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Winkle v. Jones

March 5, 1954



Appellant, Eugene Winkle, and appellee, Clarence Jones, were respectively tenant and landlord on an Owen County farm. On June 25, 1951, at about the hour of 7 a. m., the parties met at the milk barn; they began to discuss the disposition of certain hay that evidently belonged to them jointly; an argument ensued which soon developed into a fight; appellant was armed with a shovel; appellee, with a knife; both parties were cut and bruised. Each party testified that the other was the aggressor.

On May 19, 1952, appellant filed suit by which he sought recovery of damages for injuries received during the conflict. On June 9, 1952, one of the attorneys for appellee sent to one of the attorneys for appellant the following letter:

"Enclosed is a copy of the answer and counterclaim that we are filing the first day of the term on behalf of Clarence Jones.

"If it is possible to settle this case for a reasonable sum we might be able to get together. Talk to your client and let us know what amount he would settle for.'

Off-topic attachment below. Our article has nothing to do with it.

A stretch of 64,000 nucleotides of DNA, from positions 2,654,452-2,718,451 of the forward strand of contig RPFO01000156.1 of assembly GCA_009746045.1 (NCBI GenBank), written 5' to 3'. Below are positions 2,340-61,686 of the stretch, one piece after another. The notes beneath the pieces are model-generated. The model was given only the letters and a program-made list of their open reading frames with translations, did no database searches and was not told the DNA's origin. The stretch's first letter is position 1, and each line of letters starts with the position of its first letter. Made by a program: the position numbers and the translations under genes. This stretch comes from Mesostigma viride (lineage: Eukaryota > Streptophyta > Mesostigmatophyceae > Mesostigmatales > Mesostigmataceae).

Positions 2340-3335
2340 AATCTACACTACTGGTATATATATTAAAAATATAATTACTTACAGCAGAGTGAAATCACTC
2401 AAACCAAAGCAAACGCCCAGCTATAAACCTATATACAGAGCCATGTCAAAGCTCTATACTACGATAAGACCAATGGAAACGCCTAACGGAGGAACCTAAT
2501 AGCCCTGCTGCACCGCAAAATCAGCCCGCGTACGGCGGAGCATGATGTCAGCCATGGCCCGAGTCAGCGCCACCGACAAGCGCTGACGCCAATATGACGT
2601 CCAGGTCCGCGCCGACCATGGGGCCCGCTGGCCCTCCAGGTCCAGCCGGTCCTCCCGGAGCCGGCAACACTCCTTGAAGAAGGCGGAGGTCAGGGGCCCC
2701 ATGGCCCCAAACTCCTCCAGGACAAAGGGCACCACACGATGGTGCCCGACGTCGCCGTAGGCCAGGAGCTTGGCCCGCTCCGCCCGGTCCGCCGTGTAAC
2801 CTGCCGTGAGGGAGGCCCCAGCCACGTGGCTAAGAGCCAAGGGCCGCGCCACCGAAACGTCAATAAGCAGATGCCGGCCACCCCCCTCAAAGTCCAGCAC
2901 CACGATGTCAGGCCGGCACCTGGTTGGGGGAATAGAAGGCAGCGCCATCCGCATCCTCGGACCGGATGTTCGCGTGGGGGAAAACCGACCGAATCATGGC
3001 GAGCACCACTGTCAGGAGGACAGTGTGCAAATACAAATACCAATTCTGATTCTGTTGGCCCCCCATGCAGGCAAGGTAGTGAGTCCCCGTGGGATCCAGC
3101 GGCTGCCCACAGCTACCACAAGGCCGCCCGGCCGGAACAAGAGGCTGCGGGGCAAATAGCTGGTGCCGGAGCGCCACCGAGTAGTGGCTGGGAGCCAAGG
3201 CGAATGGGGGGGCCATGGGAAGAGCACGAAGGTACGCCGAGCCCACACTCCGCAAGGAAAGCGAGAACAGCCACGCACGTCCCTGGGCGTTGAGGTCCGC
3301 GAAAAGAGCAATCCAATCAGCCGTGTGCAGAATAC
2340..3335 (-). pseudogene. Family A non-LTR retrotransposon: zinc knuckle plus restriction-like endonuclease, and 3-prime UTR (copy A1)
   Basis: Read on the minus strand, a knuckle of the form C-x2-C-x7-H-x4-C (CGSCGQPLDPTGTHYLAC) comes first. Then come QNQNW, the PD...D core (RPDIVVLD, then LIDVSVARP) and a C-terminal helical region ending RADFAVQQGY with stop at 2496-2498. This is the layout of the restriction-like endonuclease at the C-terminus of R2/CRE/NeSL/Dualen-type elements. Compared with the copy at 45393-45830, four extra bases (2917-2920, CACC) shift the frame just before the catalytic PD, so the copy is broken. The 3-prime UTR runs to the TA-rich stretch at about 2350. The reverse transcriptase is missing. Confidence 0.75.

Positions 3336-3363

This letter was not answered and, on July 30, 1952, the first day of the term, the pleading was presented to the court and objected to by appellant on the ground that the counterclaim was barred by the statute of limitations, which was overruled, as were special and general demurrers directed towards testing the sufficiency of the counterclaim. By way of reply, appellant pleaded the one year statute of limitations and, by rejoinder, appellee pleaded that because of appellant's silence upon receipt of the letter above quoted, appellee was led to believe that the plan set out for disposing of the case was being acquiesced in by the appellant with the result that appellant was estopped to raise a defense of the statute of limitations. This rejoinder was also tested by a demurrer, which was overruled. A trial resulted in a verdict and judgment for the appellant in the sum of $135.50. From this judgment appellant has prosecuted this appeal and insists that the court erred (a) in permitting appellee to file the counterclaim; (b) in incorrectly instructing the jury; and (c) in failing to set aside the jury's award of damages on the ground that it was wholly inadequate.